International Nuclear Information System (INIS)

    Salman, S.

    2014-01-01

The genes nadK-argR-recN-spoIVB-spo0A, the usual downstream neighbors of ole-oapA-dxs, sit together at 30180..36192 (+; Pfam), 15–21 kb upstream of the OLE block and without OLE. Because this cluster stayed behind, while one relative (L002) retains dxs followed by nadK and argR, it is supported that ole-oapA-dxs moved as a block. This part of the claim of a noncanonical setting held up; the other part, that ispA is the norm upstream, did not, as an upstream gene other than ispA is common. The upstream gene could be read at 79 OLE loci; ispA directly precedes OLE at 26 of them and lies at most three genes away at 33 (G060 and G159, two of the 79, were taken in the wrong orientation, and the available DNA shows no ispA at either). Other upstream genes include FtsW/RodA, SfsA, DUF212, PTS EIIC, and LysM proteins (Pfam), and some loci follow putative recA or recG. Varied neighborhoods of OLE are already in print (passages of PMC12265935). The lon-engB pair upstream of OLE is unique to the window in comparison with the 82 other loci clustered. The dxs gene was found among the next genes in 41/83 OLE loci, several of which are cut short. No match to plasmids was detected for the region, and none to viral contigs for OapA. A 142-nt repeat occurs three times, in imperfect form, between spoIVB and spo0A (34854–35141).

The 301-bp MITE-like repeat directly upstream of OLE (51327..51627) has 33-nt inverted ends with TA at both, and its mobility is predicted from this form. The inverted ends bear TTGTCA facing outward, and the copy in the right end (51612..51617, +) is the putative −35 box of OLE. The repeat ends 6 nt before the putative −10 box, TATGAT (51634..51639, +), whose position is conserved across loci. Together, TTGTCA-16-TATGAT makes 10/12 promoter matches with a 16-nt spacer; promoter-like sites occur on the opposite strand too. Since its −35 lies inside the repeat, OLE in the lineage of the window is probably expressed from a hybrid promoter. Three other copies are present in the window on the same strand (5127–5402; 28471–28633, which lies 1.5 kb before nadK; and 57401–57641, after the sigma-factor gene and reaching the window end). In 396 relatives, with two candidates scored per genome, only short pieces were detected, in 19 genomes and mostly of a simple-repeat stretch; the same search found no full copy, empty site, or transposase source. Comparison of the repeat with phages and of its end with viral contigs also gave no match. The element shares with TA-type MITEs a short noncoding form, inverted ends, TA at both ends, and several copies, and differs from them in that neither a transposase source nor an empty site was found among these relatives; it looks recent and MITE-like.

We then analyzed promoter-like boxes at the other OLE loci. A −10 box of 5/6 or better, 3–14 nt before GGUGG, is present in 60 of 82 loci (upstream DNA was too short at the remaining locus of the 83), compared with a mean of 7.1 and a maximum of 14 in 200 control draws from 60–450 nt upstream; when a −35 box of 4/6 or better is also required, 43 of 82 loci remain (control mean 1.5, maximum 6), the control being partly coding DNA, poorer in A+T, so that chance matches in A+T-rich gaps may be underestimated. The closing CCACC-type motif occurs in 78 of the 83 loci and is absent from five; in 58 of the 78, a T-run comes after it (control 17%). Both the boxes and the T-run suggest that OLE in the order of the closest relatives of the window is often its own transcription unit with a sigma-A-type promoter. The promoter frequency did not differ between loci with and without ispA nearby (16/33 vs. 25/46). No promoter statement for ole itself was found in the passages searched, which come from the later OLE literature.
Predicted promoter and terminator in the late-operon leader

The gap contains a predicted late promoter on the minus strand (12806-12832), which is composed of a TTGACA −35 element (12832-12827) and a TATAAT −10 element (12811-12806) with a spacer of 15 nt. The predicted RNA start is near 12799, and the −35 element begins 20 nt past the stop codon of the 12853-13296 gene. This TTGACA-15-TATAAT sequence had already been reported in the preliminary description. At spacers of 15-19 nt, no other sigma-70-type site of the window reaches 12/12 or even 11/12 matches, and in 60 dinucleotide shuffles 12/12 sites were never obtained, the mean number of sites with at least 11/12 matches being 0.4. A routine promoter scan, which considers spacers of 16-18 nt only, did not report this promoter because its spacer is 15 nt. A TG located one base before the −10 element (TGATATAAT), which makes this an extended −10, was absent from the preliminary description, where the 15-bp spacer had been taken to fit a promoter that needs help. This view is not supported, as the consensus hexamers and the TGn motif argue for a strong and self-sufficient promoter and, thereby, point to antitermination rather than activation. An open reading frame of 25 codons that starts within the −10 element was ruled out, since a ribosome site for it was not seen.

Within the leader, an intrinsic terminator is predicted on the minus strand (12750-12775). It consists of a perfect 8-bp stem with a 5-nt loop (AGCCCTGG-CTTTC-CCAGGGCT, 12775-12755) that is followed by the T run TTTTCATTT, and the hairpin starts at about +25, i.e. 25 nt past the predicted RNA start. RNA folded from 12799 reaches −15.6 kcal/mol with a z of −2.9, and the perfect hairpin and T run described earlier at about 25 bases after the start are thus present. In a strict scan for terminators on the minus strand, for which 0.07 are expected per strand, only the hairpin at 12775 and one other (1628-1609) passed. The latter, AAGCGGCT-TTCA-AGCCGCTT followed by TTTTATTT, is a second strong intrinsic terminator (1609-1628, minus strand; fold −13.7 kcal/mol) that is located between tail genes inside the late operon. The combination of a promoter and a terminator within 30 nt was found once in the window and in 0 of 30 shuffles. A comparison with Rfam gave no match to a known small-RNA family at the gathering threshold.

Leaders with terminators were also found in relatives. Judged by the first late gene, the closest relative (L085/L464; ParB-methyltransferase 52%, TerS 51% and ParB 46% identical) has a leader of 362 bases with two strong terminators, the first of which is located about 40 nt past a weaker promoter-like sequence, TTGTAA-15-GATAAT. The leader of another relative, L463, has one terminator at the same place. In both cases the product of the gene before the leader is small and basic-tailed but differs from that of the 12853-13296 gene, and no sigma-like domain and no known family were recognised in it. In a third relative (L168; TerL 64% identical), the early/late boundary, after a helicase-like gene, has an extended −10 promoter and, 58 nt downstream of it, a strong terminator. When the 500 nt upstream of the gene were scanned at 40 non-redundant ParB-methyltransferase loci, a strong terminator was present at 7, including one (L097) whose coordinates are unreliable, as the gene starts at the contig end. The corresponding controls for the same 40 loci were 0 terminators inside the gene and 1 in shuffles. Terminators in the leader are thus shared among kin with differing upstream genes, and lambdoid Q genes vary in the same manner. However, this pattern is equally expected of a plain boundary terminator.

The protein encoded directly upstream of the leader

Warts are commonly acquired viral tumors, caused by Human apilloma Virus (HPV). This virus can infect and cause disease at any site in the stratified squamous epithelium either keratinizing or non-keratinizing. A plantar wart (also called verruca plantaris) is a lesion that appears on the plantar surface of foot as a small, shining, sago-grain papule which soon assumes the typical appearance of a sharply-defined rounded lesion with a rough keratotic surface, surrounded by a smooth collar of thickened horn. Objective: To compare the efficacy and safety of oral zinc sulphate versus topical application of salicylic (16.7%) and lactic acid (16.7%) combination, in the treatment of plantar warts. Study Design: Comparative interventional study. Setting and Duration of Study: Department of Dermatology Unit-I, King Edward Medical University, Mayo Hospital Lahore, from 15 February, 2009 till 14 February, 2010. Methodology: After informed consent, one hundred patients of plantar warts were selected from the outpatient Department of Dermatology, Mayo Hospital, Lahore. The patients were divided into two equal groups; in group A, 50 patients were given oral zinc sulphate (10 mg/kg/day) in two or three divided doses and in group B, 50 patients were advised to apply a combination of salicylic (16.7%) and lactic acid (16.7%) once at night daily. In group A, using oral zinc sulphate, the treatment was given for two months and follow up continued for next 4 months. In group B, the topical preparation was also continued for 2 months or till the complete removal of wart (if before two months) and follow up was extended up to 4 months after treatment. Results:The mean age of patients in group A was 26.2 +- 8.1 years and in group B 26.3 +- 7.3 years. The mean number of warts in group A was 7.9 +- 3.5 and in group B 5.7 +- 2.6. The mean duration of disease in group A was 6.9 +- 4.1 months and in group B 6.0 +- 3.9 months. On follow up at 2nd month, in group A, 41 (82%) patients showed an